Adversarial Deficit and the Right to Silence in the UK Criminal Justice and Public Order Act 1994 (Published)
This review article examined the impact of the United Kingdom’s Criminal Justice and Public Order Act 1994 (CJPOA) on the accused’s right to silence. It specifically analyzed the provisions in sections 34 – 38 of the Act vis a vis inferences from accused’s silence. The paper adopted descriptive and historical research methods in reviewing and investigating existing variables and systematically captured relevant past data that have bearing on the present. The main finding of the paper showed that the evidential significance of the accused silence in the CJPOA appears to have undermined the presumption of innocence and the privilege against self- incrimination further aggravating the deficit in the adversarial system. The paper recommended that steps be taken to mitigate the impact of adverse inference on the right to silence. These include but not limited to the ‘reading down’ of sections 34 – 37 and placement of the Woolmington’s golden rule in a more predominant limelight.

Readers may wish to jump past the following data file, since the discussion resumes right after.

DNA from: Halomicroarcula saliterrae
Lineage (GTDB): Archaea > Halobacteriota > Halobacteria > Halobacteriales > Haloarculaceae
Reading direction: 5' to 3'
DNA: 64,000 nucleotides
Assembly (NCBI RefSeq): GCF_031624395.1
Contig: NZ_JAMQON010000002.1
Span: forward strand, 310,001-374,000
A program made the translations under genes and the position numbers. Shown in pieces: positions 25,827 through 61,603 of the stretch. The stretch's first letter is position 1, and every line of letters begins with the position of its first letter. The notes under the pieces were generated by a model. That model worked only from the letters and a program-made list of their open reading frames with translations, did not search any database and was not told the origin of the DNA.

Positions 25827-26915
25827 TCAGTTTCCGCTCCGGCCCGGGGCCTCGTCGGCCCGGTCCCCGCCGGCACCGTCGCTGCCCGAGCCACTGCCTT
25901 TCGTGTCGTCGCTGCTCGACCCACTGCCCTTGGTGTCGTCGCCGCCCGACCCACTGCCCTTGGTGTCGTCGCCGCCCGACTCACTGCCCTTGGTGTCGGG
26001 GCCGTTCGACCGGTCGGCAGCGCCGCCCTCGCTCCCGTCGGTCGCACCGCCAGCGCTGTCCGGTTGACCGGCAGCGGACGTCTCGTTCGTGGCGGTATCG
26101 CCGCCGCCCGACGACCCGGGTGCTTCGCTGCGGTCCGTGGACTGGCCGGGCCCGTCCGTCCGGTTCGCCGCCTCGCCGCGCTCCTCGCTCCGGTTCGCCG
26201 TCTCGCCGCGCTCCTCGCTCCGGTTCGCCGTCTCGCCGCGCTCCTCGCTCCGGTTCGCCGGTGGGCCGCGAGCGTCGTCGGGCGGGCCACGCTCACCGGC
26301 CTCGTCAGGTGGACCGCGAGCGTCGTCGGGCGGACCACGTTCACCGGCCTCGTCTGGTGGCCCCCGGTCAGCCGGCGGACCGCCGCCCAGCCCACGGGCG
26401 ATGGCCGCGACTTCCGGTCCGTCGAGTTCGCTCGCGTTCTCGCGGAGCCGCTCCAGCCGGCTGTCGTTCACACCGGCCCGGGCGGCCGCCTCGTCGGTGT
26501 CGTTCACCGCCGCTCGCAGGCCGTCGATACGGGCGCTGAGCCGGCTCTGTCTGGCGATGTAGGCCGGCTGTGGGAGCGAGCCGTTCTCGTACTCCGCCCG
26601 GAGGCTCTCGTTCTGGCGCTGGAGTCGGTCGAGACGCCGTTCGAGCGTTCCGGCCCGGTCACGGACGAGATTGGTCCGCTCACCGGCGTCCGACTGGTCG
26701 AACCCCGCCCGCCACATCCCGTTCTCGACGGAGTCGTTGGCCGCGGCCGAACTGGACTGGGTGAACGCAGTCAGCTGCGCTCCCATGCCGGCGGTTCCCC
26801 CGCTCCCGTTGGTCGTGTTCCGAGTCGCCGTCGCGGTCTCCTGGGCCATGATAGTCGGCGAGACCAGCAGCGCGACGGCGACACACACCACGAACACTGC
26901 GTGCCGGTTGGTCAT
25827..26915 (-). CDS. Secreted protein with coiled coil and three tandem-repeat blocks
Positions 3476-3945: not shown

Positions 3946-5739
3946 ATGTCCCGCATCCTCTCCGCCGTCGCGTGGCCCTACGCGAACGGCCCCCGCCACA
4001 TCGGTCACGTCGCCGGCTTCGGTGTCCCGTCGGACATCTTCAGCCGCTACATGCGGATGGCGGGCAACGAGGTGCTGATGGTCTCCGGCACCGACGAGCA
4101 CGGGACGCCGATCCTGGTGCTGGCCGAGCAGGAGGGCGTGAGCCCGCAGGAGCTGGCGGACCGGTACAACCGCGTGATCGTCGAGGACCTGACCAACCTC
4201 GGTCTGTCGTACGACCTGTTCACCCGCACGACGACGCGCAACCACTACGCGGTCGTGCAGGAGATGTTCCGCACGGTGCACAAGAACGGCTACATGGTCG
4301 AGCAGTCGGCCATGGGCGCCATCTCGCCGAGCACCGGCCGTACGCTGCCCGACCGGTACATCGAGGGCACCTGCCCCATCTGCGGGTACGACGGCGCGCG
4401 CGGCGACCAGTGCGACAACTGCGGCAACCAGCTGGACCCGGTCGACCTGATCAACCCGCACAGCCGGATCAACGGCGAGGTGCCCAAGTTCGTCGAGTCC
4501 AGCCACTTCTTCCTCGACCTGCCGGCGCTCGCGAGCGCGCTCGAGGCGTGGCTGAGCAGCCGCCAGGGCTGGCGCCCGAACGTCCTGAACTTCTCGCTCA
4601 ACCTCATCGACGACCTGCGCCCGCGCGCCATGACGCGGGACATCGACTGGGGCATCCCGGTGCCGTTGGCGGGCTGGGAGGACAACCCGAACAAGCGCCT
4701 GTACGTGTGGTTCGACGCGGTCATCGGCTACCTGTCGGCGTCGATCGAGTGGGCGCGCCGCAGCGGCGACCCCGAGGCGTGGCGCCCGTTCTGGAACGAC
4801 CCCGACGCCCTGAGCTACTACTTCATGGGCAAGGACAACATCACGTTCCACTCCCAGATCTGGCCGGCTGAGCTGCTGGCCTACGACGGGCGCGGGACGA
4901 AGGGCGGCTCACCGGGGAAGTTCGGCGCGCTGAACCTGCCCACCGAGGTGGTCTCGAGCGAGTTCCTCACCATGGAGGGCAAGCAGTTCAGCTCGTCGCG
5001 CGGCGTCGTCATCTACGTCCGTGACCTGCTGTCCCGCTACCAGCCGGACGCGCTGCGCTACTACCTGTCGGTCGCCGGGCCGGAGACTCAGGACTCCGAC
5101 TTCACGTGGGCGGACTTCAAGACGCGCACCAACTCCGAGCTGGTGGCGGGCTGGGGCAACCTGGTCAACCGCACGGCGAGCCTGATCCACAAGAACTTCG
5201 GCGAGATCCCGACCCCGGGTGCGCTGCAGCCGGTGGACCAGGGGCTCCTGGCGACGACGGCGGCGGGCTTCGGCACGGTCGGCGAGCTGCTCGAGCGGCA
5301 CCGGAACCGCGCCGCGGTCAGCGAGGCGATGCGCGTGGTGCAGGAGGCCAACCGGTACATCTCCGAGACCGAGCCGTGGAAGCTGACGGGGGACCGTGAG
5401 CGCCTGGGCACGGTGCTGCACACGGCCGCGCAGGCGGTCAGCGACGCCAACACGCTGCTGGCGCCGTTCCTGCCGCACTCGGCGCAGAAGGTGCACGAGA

A CRITICAL APPRAISAL OF THE CONCEPT OF PLEA BARGAINING IN CRIMINAL JUSTICE DELIVERY IN NIGERIA (Published)
The concept of “plea bargain” is a new phenomenon in the Nigerian legal system. It has been trailed with a lot of controversy. The Economic and Financial Crimes Commission has recently been applying the concept to release many corrupt public officers who should have been in jail. The idea is that they agree to plead guilty for a lesser charge with minimal punishment in exchange for the return of most of their stolen wealth. The opponents of this practice believe that the end result of the practice would be counterproductive in the fight against corruption as it will encourage other public officers to steal public money. This paper examines the origin of the concept, its development across the globe and the issues arising from the emerging practice of plea bargain in Nigeria. The paper also makes some valuable suggestions as to how not to make the practice become a leeway for encouraging treasury looters.